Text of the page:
• Squandering the wackiest B-movie cast ever assembled, including Michael Madsen, Ben Kingsley, Udo Kier, Billy Zane, Meat Loaf, Michelle Rodriguez, Michael Paré, and Geraldine Chaplin
• Attempting to cover up completely incoherent action sequences with fountains of gore
• Cajoling "Lady Terminator" Kristanna Loken into a hilariously gratuitous bit of acrobatic dungeon sex
Defenders: Director Uwe Boll, producer Shawn Williamson, actor Will Sanderson, and Loken
Tone of commentary: High-spirited. As with many group commentaries, there's a lot of joking around, mostly at the expense of Romanian food, lodging, actors, crew members, and even "very uncooperative" horses. Boll also frequently pokes fun at his last terrible videogame adaptation, Alone In The Dark: An expository scene with Chaplin "saved us from having to do another two-and-a-half-minute opening crawl," and a training montage with Loken made him happy that he never had to do a training sequence with AITD star Tara Reid.
What went wrong: The food was terrible, the Romanian bit players were so bad that even the "second-best actress" had to be overdubbed, and it was hard to communicate with the unseasoned crew. Boll and his dog had to be moved from one apartment to the next, including one above a McDonald's with a door that wouldn't open. And one night, a courtyard shoot went so late that it ruined a wedding scheduled the next day. (That's okay, Boll says, because "the bride was really fat and ugly.")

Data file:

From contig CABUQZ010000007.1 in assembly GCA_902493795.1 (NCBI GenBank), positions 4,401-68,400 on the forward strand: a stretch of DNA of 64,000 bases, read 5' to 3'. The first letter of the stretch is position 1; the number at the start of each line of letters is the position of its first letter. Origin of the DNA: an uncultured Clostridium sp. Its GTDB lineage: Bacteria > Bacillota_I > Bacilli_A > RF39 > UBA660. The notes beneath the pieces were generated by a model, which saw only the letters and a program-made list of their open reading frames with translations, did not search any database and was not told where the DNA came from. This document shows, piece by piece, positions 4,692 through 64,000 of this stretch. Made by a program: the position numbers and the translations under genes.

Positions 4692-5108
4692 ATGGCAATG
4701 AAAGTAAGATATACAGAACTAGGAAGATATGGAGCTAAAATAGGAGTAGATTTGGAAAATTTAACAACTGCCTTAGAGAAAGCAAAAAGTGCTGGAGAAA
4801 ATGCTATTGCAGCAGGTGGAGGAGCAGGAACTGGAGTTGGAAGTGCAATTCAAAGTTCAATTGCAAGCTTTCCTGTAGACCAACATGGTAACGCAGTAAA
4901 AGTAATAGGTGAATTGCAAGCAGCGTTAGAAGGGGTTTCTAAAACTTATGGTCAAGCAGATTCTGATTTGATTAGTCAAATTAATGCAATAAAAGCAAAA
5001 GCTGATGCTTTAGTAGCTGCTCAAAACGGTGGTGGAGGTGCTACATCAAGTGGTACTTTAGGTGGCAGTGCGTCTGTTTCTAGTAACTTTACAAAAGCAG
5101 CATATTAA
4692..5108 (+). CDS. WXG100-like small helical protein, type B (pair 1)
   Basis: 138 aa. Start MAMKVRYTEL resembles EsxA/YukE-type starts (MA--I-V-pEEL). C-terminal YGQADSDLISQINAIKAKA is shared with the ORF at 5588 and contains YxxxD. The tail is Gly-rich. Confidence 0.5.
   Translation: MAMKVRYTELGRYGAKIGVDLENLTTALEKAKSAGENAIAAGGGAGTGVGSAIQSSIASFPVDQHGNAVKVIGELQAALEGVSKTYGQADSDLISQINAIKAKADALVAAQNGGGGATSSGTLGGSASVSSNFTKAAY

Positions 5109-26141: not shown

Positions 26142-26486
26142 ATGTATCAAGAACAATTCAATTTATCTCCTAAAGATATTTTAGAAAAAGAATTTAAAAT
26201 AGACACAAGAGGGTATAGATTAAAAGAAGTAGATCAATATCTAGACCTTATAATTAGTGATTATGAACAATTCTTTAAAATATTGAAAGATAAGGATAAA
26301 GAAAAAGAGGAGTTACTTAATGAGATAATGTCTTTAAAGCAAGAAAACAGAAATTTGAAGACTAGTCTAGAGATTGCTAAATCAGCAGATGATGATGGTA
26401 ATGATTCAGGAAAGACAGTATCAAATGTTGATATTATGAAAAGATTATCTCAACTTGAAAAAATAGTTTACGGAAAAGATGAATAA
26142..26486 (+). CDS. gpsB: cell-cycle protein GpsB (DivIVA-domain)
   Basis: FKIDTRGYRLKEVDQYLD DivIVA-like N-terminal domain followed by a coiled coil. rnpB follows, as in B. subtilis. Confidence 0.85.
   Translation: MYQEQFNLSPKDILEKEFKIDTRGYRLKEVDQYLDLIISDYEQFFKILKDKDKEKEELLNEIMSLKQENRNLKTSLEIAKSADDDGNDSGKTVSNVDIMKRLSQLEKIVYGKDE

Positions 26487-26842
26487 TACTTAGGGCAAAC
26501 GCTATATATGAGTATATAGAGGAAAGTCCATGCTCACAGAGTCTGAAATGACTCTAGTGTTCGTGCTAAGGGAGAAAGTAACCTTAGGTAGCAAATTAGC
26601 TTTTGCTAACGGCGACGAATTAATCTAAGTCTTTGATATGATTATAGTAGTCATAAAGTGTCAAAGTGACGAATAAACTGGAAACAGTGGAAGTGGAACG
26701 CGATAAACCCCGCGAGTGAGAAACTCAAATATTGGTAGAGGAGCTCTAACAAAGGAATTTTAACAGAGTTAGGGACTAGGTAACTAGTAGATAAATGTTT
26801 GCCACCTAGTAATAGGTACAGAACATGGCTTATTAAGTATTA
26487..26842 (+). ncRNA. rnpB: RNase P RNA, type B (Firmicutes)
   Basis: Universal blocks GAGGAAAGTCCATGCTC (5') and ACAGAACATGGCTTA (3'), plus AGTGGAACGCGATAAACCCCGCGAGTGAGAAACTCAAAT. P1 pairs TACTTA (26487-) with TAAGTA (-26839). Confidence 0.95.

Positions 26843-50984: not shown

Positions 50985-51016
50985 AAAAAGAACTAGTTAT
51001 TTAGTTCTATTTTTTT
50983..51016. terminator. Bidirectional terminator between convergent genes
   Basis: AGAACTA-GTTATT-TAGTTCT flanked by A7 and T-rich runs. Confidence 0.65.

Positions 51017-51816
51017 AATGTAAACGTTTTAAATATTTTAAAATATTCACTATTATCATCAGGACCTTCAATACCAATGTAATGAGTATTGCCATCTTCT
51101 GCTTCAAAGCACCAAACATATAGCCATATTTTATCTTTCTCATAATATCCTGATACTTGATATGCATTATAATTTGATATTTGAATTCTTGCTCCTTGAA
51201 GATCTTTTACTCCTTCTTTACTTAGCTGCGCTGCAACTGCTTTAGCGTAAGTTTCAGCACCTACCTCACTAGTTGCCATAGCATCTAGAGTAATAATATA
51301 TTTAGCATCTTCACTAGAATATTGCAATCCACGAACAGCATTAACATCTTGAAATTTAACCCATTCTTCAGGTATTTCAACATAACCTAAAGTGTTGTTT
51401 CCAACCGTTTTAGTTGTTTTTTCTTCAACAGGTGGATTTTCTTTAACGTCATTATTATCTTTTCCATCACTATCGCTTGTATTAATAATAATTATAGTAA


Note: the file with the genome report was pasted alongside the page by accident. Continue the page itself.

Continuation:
Comments on the cast: Shooting in Romania let Boll cast local actresses for $100 a day and naked extras for only $50 more. For a scene in which Meat Loaf ("the Hugh Hefner of vampires") is surrounded by naked women, Boll didn't ask questions when the extras were escorted to the set via "some sort of wagon."
Inevitable dash of pretension: To set the mood, Boll juxtaposed Kingsley's visage onto Hieronymus Bosch and Francisco de Goya paintings. Too bad his face looks like it was airbrushed at the local fair.
Commentary in a nutshell: "This was a re-shoot after we recognized that the movie made no sense."